Be hidden from the sunshine that you sought.

Thou glorious author of a hapless race,
Whose daughter ‘twas my mother’s boast to be,
Who well may’st blush to see me in such plight,
For the last time I come to look on thee,
O Sun!

What! Still are you in love with death?
Shall I ne’er see you, reconciled to life,
Forego these cruel accents of despair?

Would I were seated in the forest’s shade!
When may I follow with delighted eye,
Thro’ glorious dust flying in full career,
A chariot —


Have I lost my senses?
What said I? and where am I? Whither stray
Vain wishes? Ah! The gods have made me mad.
I blush, Oenone, and confusion covers
My face, for I have let you see too clearly
The shame of grief that, in my own despite,
O’erflows these eyes of mine.

If you must blush,
Blush at a silence that inflames your woes.
Resisting all my care, deaf to my voice,
Will you have no compassion on yourself,
But let your life be ended in mid course?
What evil spell has drain’d its fountain dry?
Thrice have the shades of night obscured the heav’ns
Since sleep has enter’d thro’ your eyes, and thrice
The dawn has chased the darkness thence, since food
Pass’d your wan lips, and you are faint and languid.

To what dread purpose is your heart inclined?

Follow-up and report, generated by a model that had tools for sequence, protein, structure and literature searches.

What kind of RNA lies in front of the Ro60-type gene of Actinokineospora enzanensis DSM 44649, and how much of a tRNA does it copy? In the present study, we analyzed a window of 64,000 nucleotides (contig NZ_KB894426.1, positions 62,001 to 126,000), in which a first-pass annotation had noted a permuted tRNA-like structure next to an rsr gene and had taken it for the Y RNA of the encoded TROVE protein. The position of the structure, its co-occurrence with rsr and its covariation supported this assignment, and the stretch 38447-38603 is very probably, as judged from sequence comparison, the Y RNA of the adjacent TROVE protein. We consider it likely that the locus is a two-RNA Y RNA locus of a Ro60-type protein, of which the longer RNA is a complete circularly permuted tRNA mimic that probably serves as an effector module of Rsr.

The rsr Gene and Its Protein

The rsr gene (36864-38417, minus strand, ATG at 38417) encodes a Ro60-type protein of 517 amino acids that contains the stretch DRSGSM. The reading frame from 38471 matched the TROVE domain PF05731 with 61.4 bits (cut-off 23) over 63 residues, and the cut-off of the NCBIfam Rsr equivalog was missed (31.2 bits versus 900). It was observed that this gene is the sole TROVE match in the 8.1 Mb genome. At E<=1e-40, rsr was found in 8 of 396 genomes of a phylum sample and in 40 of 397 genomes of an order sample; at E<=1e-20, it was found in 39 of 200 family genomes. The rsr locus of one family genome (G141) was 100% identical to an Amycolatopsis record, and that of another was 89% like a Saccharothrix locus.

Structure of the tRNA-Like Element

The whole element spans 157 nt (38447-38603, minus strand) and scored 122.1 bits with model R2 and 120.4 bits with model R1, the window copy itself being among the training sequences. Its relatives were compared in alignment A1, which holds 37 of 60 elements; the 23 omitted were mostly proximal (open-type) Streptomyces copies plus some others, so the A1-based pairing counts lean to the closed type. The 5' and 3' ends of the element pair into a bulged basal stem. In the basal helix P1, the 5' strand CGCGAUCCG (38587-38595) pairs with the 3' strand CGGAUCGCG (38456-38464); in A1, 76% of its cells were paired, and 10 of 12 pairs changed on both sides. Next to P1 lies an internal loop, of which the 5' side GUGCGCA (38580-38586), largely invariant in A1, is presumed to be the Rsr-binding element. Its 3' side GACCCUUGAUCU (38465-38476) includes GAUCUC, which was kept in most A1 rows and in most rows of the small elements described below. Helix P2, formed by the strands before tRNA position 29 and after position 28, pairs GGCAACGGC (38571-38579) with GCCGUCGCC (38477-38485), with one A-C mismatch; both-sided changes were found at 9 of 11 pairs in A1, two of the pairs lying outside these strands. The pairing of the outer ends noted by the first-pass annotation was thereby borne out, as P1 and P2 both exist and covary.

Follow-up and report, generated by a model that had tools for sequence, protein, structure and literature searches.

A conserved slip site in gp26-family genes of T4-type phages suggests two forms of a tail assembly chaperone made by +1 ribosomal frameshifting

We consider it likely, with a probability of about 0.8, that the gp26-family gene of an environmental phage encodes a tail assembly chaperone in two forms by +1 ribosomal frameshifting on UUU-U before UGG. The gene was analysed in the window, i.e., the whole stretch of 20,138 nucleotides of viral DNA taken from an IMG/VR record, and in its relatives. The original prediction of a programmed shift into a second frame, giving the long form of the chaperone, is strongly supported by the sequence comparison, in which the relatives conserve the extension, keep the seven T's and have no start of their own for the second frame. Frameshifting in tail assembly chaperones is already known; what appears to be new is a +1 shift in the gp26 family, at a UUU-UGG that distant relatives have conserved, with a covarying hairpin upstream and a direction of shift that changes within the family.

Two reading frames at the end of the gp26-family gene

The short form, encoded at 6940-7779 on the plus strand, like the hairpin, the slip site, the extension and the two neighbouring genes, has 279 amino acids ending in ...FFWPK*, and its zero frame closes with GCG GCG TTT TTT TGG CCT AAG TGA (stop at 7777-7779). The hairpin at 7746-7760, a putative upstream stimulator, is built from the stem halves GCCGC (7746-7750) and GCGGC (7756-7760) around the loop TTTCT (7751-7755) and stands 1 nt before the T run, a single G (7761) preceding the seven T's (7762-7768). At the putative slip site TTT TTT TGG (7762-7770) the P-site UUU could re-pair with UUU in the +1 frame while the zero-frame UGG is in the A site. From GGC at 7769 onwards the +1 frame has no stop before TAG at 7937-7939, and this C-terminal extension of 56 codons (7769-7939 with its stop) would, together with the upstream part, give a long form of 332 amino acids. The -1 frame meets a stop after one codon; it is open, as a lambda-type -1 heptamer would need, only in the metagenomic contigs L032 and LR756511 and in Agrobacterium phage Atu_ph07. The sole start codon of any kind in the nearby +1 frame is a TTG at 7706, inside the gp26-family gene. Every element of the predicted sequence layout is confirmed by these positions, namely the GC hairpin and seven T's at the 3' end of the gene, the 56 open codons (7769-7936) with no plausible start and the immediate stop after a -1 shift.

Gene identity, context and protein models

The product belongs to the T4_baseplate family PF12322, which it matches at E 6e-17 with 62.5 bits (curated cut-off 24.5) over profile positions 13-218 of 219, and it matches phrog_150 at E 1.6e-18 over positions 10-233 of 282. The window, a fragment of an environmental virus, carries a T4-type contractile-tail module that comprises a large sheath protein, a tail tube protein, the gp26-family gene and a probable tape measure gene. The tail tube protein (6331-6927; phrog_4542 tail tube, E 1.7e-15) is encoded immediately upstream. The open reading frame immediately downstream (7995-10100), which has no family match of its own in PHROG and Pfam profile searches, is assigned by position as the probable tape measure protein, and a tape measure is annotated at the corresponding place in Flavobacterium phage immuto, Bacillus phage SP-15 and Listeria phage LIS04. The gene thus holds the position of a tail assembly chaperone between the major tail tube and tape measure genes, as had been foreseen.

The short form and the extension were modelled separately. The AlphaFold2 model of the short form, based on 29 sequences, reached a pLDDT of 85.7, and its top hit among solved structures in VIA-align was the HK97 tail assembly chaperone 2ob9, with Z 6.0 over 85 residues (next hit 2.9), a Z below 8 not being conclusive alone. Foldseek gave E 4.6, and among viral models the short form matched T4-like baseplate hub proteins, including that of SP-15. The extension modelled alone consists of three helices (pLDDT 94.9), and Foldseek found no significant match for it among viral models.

How dare you make attempts upon your life,
And so offend the gods who gave it you,
Prove false to Theseus and your marriage vows,
Ay, and betray your most unhappy children,
Bending their necks yourself beneath the yoke?
That day, be sure, which robs them of their mother,
Will give high hopes back to the stranger’s son,
To that proud enemy of you and yours,
To whom an Amazon gave birth, I mean
Hippolytus —

Ye gods!

Ah, this reproach
Moves you!

Unhappy woman, to what name
Gave your mouth utterance?

Your wrath is just.
‘Tis well that that ill-omen’d name can rouse
Such rage. Then live. Let love and duty urge
Their claims. Live, suffer not this son of Scythia,
Crushing your children ‘neath his odious sway,
To rule the noble offspring of the gods,
The purest blood of Greece. Make no delay;
Each moment threatens death; quickly restore
Your shatter’d strength, while yet the torch of life
Holds out, and can be fann’d into a flame.

Too long have I endured its guilt and shame!

Why? What remorse gnaws at your heart? What crime
Can have disturb’d you thus? Your hands are not
Polluted with the blood of innocence?

Thanks be to Heav’n, my hands are free from stain.
Would that my soul were innocent as they!